Growing up with cystic fibrosis made me stubborn and determined to accomplish everything that I was told I could not do. At my elementary school track and field day, I would make sure to always choose the longest distances to run around the track. When I graduated to the real track and field sport, that didn’t change.
Before I joined track and field in junior high, I told many people that I wanted to run the mile, but I was not met with blinding optimism. My friends, and even my coach, suggested that I should run mid-distance or maybe even just stick to sprints. When I tried dual sporting with soccer and track, I stood over the sign-up paper listening to a teacher tell me, “It would be extremely difficult, especially with your ... issues,” as she waved her hand up and down in front of her chest.
These people weren’t trying to be upsetting, they just hadn't seen how capable I was. After a few of the first track meets, the coach let me run the mile. With that, I fell in love with running distance and joined cross-country the next year.
The start of my running journey wasn’t a show of activism against CF — rather, I started my journey as a determined girl who wanted to prove to others and herself that she could be great. I didn’t have a clue how far this sport could take me because at first, even with my unhindered spirit, I didn’t have my sights set on breaking records or qualifying for state. My freshman year track season was cut short due to COVID, and with all of the extra time I had, running became a staple of my life. On top of that, I had new goals to tackle — looking back, I realize just how ambitious I was. First, I wanted to qualify for the state cross-country meet, then I wanted to break the school record on top of that, and eventually I decided that I wanted to medal at state, too.
As the season progressed, I ran the planned track workouts every day, even with the season canceled. Summer approached, and the workouts turned to endurance training for the cross-country season. I started to join running groups, like Hilltoppers, and made many life-long friends, including Addison, one of my best friends. A year later I was talking to her, and she told me about a conversation she had with her dad after we first met at Hilltoppers. She couldn’t remember the name of the disease I have, and she described me as a girl who couldn’t run through the river water at practice. Her dad thought a moment and said, “The only [illness] I could think of would be cystic fibrosis, but she definitely wouldn’t be running at that level if that’s what it was.”
Those words have stuck with me for a long time now because I realized that I was breaking people’s perception of CF. Plus, I was fighting CF head on. A huge reason why I started running was because I wanted to prove other people wrong, but as I kept going, running changed into a way to overcome CF and the restrictions that it tried to put on my life. I soon realized that I had the power to show other people that they could do the same.
The season that I had this mindset shift, I medaled in the top three at every meet. I ran the cold, rainy district course that year and won, which qualified me for state for the first time. I don’t smile when I run, I always look serious and hold a straight face. However, at that district meet, coming down the finishing shoot, a picture of me was taken with the biggest smile. I thought that my smile couldn’t have been bigger, but I would soon be proven wrong. The following week was the state cross-country meet. The top 15 girls medal at state, and I was the 12th girl to cross that line. I got to stand on the awards deck and look at the spot I stood the year before in the crowd. As a spectator, I could vividly remember watching the girls walk onto the deck above me with each of their names called while a pink medal was draped around their neck.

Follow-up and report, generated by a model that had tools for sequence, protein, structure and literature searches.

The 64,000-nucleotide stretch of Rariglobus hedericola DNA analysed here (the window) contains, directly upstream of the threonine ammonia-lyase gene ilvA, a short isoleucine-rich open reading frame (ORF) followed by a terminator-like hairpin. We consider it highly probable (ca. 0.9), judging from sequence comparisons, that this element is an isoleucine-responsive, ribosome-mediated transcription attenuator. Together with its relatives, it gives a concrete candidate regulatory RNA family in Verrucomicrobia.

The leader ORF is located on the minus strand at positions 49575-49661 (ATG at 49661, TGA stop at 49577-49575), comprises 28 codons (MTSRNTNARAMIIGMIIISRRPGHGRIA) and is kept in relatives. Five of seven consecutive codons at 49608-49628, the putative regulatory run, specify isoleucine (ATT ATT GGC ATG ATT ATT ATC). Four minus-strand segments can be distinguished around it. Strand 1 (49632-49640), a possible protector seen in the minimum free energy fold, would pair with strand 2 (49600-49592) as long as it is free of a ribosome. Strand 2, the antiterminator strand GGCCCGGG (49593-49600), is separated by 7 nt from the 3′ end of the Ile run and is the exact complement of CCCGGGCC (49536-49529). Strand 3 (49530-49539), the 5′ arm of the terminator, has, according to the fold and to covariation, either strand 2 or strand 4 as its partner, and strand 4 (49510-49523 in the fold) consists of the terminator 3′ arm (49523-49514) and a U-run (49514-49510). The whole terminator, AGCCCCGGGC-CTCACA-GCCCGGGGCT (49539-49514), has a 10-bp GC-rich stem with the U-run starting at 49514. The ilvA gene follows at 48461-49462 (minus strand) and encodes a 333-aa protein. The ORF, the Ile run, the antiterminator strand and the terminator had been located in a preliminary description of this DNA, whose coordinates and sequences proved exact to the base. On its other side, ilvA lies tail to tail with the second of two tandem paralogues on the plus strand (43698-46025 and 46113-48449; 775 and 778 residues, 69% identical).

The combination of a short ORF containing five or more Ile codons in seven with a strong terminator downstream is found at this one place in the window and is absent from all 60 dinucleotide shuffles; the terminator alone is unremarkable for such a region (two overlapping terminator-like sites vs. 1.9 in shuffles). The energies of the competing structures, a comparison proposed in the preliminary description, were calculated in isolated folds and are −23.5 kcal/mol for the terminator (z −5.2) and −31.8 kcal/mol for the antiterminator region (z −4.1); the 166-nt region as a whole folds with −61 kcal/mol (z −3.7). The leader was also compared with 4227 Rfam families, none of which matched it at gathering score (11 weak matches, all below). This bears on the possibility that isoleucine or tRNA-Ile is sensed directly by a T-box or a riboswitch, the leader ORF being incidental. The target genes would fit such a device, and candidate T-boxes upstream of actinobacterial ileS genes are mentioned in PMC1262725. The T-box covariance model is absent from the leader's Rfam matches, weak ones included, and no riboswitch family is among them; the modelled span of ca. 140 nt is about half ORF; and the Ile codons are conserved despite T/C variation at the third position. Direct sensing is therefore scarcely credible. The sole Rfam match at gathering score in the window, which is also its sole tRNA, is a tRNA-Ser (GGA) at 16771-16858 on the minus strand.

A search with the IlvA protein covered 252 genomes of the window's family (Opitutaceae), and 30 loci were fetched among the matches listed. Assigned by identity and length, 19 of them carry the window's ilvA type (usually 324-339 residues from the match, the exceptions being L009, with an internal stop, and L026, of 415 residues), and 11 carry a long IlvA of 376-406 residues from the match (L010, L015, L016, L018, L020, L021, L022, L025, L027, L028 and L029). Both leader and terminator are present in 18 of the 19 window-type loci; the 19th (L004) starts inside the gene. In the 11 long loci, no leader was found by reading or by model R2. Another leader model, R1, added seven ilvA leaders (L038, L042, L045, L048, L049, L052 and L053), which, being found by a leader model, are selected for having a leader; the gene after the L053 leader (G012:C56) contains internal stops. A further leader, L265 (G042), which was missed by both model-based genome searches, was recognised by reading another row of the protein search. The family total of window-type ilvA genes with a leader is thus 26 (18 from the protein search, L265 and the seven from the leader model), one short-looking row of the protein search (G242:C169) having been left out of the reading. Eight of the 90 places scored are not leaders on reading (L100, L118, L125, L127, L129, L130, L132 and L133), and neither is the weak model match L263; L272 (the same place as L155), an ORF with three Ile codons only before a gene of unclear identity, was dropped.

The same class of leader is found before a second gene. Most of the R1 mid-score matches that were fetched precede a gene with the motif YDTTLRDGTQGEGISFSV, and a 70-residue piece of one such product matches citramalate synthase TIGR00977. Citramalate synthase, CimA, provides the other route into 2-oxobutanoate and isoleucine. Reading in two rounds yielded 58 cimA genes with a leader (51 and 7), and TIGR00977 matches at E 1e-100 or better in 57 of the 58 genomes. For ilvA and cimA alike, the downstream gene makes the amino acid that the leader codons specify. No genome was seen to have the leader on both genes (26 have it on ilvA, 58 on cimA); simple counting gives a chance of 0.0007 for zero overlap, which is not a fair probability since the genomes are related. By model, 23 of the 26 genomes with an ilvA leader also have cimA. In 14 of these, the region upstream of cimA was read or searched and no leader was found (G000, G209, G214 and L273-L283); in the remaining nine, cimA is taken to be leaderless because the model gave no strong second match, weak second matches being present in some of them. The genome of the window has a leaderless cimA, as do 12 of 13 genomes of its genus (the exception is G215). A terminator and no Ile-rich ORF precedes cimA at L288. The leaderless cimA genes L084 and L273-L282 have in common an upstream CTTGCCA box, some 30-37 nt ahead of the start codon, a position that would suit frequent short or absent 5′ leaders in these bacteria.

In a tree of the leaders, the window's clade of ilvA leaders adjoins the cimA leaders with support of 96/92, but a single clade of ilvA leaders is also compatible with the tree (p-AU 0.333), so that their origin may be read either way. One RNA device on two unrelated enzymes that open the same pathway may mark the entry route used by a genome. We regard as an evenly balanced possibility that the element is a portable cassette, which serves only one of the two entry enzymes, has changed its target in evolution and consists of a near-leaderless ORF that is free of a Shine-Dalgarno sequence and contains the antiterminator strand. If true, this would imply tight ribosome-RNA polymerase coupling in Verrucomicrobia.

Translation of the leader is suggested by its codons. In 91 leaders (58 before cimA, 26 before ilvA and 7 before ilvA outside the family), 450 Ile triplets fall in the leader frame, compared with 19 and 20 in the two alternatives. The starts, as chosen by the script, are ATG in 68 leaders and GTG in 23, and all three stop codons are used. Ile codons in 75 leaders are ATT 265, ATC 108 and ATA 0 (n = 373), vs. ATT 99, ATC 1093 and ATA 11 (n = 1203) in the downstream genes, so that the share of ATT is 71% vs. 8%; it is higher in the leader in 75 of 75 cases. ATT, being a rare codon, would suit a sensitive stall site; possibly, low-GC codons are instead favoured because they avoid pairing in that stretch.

I think what meant the most to me when it was my turn to receive that medal was that I wasn’t just good for being a runner with CF, I was a good runner who happened to have CF. I didn’t allow my circumstances to define what I wanted to do and my goals I wanted to achieve.
I have been open in sharing my story at events and to newspapers about the hours of treatments, clinic visits, infections, and the multitude of pills that I take each day. I have had infections take me out in the middle of races, and the fear of that recurring has tempted me to drop out before a meet has even started.
I think of life a lot like a race, not one against other people though. This race is me attempting to beat my own personal records and striving to be the best I can be. When life gets hard and CF takes a toll on my health, I think of those moments as the hills. You lean in a little more, swing your arms a little harder, and make your strides a little longer. I’ve learned to love the hills in cross-country — they have the ability to show you how strong and capable you are even if you didn’t believe it before making it to the top.
I set out to run so that CF wouldn’t define me, but in the end, it defined me in a way that I would have never imagined. I am no longer just a poor girl with a lung disease. Instead, I am the girl who is strong in her mentality, endurance, and dedication. Nothing this life throws at me can hold me back, and CF prominently puts that on display. Running will forever be a part of my life. I will have no more medals or podiums to display my successes, but that’s not what measured it in the first place.
What my success is measured by is the determination to keep going against the grain of the circumstance I was placed in, and that lesson is carried far past the finish line to be incorporated into every inch of my life.
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